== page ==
Some people are born optimists, and Rolando Soto is one of them. His family says he’s always smiling, even when life gets tough. He just has a contagious positive outlook.
On any given day, Rolando can be found diligently plugging away in his workshop, an open space amidst tall shady trees and fields of overgrown corn stalks. “I work every day, even on Sunday — sitting on my workbench and drinking my morning coffee is where I love to start my day,” he says as he looks out into the sea of green.
Preserving Guatemala’s cultural heritage
Rolando is a woodworker that makes sculptures and carvings, particularly reproducing ancient Mayan masks. He says that it took him years to use modern machines, and although they did help streamline his work process, carving by hand is what he enjoys most. “Woodworking is part of Guatemala’s culture and I like to recreate the replicas of our ancestors,” he explains.
With his white beard full of wood chips, Rolando comfortably walks barefoot around his workshop, shuffling through the thick layer of lumber shavings that covers the floor. Even when the rain starts pouring, he keeps on working without a second thought.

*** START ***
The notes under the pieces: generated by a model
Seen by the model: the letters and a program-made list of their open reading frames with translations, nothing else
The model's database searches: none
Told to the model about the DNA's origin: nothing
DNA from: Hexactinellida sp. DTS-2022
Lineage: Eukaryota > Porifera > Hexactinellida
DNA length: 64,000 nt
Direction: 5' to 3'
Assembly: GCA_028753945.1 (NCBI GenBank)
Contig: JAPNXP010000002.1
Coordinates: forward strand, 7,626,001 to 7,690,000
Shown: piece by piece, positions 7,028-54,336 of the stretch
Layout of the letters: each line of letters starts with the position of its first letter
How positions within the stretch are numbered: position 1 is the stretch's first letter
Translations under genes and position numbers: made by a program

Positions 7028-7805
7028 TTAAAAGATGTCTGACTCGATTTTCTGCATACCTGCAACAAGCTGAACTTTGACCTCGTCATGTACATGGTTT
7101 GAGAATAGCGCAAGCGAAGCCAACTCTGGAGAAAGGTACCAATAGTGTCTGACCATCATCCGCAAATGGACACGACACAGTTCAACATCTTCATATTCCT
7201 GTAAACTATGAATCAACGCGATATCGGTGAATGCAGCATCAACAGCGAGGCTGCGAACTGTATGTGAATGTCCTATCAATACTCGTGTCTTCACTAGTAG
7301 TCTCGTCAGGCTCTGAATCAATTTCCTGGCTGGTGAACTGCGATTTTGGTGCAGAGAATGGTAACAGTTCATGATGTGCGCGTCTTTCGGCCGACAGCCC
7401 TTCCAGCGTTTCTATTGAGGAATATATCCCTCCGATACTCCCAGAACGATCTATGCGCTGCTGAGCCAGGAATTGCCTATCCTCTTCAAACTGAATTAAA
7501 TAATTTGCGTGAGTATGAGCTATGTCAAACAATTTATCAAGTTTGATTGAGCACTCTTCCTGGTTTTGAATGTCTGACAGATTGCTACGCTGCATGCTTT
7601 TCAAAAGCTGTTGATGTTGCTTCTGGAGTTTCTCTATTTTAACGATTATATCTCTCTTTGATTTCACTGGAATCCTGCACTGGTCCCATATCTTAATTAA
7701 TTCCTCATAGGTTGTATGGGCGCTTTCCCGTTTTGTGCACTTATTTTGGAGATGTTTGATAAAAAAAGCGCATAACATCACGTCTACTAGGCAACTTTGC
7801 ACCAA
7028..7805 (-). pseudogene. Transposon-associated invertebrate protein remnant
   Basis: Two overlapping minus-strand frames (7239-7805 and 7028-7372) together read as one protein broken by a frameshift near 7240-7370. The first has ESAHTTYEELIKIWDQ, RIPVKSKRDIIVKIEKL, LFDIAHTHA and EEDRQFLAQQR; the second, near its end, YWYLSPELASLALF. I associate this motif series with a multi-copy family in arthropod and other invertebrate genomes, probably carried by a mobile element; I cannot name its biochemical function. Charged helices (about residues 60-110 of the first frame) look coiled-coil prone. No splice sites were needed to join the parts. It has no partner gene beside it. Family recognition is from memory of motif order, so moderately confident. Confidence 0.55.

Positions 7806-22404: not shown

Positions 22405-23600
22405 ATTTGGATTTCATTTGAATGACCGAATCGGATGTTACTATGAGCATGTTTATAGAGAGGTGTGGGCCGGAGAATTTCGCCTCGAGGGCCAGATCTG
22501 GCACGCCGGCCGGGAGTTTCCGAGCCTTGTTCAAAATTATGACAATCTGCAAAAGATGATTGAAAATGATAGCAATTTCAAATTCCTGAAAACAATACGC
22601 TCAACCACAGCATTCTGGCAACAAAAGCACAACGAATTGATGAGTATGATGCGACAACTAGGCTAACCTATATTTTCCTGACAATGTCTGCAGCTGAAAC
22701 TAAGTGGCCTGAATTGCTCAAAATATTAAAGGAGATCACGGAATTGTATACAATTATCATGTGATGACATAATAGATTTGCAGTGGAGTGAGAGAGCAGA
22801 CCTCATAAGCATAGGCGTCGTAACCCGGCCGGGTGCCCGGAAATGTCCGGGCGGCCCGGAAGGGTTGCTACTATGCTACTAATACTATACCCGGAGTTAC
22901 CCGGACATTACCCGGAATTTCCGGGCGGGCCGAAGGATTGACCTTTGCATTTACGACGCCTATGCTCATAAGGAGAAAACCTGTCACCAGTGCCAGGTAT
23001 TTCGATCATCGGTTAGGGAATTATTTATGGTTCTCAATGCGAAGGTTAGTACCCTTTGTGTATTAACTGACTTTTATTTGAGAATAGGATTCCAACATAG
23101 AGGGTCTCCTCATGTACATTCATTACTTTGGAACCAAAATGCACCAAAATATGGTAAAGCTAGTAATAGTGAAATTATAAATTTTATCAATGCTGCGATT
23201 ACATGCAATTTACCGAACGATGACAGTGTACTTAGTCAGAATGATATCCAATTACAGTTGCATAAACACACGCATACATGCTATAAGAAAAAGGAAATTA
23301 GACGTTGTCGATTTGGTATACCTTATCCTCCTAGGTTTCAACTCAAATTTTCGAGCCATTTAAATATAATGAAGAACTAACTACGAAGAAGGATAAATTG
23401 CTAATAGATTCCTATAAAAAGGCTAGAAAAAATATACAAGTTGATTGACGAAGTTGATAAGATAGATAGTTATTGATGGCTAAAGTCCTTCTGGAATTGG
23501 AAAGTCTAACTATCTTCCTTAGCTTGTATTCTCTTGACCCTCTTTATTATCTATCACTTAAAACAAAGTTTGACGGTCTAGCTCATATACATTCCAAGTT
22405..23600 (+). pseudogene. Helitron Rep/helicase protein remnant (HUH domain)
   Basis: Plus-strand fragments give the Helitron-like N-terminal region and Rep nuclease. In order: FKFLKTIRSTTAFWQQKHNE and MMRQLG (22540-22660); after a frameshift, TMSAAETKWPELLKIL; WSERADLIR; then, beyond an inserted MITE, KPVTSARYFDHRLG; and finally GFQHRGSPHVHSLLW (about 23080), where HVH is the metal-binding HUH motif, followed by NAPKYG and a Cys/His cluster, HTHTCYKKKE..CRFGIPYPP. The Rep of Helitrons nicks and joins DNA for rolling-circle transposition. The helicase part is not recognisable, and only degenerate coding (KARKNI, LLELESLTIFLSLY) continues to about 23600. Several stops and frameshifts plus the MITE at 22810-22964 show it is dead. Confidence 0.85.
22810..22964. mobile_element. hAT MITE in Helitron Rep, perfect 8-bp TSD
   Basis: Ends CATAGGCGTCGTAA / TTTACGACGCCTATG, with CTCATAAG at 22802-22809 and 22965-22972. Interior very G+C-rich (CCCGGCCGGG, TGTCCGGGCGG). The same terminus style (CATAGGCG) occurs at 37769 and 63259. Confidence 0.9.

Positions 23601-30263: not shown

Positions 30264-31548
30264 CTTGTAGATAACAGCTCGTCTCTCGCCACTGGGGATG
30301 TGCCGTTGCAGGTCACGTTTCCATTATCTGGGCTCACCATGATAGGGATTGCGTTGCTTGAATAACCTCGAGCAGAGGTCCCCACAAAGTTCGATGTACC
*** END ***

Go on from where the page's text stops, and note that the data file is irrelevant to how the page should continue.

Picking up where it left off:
“I’m addicted to my craft,” he admits. “The feeling of creating a new piece and seeing it take shape is exhilarating and rewarding beyond words.”
Protecting Guatemala’s natural legacy
Living in Peten, Guatemala, surrounded by the natural beauty of the dense forests, jungles and abundant wildlife, Rolando developed a strong love and respect for his uncultivated environment. He’s currently working with the Rainforest Alliance to become a certified woodworker, working with fifty percent sustainable lumber.
“I make sure to work with certified wood so that I can do my part to help protect the forest and the animals that live in it. I want to be able to make a living, but also live in harmony with nature.”
Carving a better future
While it’s evident that Rolando works because he loves his craft, his first priority is his family. His earnings support his family of seven.
Rolando’s children are still young, yet very aware of and interested in the intriguing work their father does. They gather around him, captivated by his creations, and ask to hear the story and the meaning behind each handcrafted piece.
Rolando hopes one of his children will carry on his artisanal work as well as his unyielding optimism. “One day I dream of having my own factory. I want to build something my children can inherit,” he says with pride.
Do you know someone who’s a natural optimist? How have they inspired you? Tell us about them in the comments!